There is a lot of audience interaction in this show — something the kids just love. The actors walk up and down the aisles during scene changes, serving as a nice distraction. The king even wanders up and down the aisles with Cinderella’s glass slipper, asking little girls to try it on as the prince stands by with eager anticipation. Even the youngest guests won’t have time to grow restless as they participate in “The Sneeze Polka” dance and are asked questions by the cast.

Suzanne Mason bewitches the audience in a scene from 'Cinderella' at the Engeman Theater. Photo by Jennifer C. Tully
Suzanne Mason bewitches the audience in a scene from ‘Cinderella’ at the Engeman Theater. Photo by Jennifer C. Tully

Designed by Laurén Paragallo, the colorful costumes, ranging from the stepsister’s hilarious outfits to Cinderella’s breathtaking ball gown, to the royal garbs for the king and prince, are spot on. Choreography by Marquez Catherine Stewart is terrific, especially evident during the “The Sneeze Polka.”

Meet the cast after the show for pictures and autographs. An autograph page is conveniently located in the back of the program. The John W. Engeman Theater, 250 Main St., Northport, will present “Cinderella” on Saturdays at 11 a.m. and Sundays at 10:30 a.m. through May 10. Tickets are $15 each.

For more information, call 631-261-2900 or visit www.engemantheater.com.

Jessica Lee Goldyn in a scene from ‘A Chorus Line’ at the Engeman. Photo by Michael DeCristofaro

By Charles J. Morgan

“A Chorus Line” opened at the John W. Engeman Theater in Northport last weekend and was a top-notch terpsichorean treat! If your scribe could marshal more alliterative allusions evoking the theatrical theophany that burst forth last Saturday, he would be demeaning the meaning of accurate critical acumen. But enough of Roccoco doggerel! The show, directed by Drew Humphrey was, well, a smash hit.

Since it was all about dance and nothing but dance, a word about the choreography is in order. Dena DiGiacinto was in charge, and her fully charged crew put out a potpourri of evolutions and contortions in every genre including tango, tap, ballet and culminating in an all-hands-on-stage finale entitled “One,” which brought out a standing ovation rife with shouts of “Bravo!” DiGiacinto is immensely talented, having played a role in it on Broadway. However, she is the one who managed the unbelievable precision, coordination and aesthetic unitive finality that was a tribute to the totality of the show.

Since dance requires music, there was James Olmstead leading his magnificent crew with associate Bob Kelly and featuring Joe Boardman on trumpet, Brent Chiarello on trombone, Russ Brown on bass, Mark Gatz on reeds and Josh Enflich on percussion. In your scribe’s opinion previously expressed about this band, they could easily supplant a Broadway pit outfit including its string section.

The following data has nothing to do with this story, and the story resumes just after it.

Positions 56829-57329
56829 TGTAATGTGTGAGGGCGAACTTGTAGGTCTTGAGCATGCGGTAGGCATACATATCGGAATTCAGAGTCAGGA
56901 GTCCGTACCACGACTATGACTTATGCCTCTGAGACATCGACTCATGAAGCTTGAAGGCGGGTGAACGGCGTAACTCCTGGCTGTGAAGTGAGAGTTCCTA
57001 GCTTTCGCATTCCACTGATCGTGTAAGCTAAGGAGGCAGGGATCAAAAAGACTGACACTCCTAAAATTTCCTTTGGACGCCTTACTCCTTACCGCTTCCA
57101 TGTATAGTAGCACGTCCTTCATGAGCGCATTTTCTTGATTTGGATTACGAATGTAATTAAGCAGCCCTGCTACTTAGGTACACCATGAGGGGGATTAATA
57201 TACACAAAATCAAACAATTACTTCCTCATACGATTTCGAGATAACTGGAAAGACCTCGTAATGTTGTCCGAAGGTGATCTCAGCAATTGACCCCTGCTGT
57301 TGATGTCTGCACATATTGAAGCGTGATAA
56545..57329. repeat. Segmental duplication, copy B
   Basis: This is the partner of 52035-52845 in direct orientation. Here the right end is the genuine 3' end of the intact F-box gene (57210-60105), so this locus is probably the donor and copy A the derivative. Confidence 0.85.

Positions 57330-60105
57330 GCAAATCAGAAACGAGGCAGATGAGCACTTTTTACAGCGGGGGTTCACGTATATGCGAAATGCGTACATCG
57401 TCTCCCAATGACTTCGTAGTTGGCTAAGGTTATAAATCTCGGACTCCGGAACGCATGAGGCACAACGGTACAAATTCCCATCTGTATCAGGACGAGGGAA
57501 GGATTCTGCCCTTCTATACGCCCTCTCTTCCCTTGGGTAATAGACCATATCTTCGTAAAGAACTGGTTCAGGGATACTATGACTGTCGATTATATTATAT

The main lead is Zach, the choreographer charged with getting a chorus line in shape for a forthcoming performance. He is played by James Ludwig who reveals not only talent in dancing but a genuine stage presence as an actor. He even appears as a dancer in that knockout finale.

Then we have Jessica Lee Goldyn as Cassie who gives an empty-stage dance  solo in “The Music and the Mirror” as well as an emotional dialog with Zach that can only be described as riveting.

Stephanie Israelson is Valerie. She has two breakaway numbers. In Act I with Andrew Matzger and Sissy Bell called “And…” in which her dancing skills are obvious and in Act II a solo on “”Dance: 10; Looks: 3” in which those skills are more ubiquitous. DJ Petrosino as Al and Rachel Marie Bell as Kristine are hilarious in a number called “Sing.”

In another number entitled “At the Ballet” Kelly Sheehan, Abby Church and Courtney Moran manifested evident skill. Patent progress was also evident in Danny Wilfred’s performance as  Richie.

It should be remembered that every single person on the boards is a dancer. There are no walk-ons, no characters who have only dialog — it is dance and music all the way. Lighting was effected by Cory Pattak who handled the fast-paced action with consummate skill.

There was no set. Even the back wall upstage was seen; after all it was rehearsal and audition time. Laura Shubert on sound design made her  ability to balance, increase/decrease, volume shine through. Your scribe even picked up a brief solo by Josh Endlich played on sizzling high-hats. The beats of all the numbers was so complete that your scribe’s slightly arthritic knee grew tired from his left foot tapping. He actually had to switch to his right.

All in all, the entire performance is sharply and professionally performed, something that the Engeman has consistently presented to theater audiences.

The John W. Engeman Theater, 250 Main St., Northport, will present “A Chorus Line” through May 10. Tickets are $69. For more information, call 261-2900 or visit www.engemean theater.com.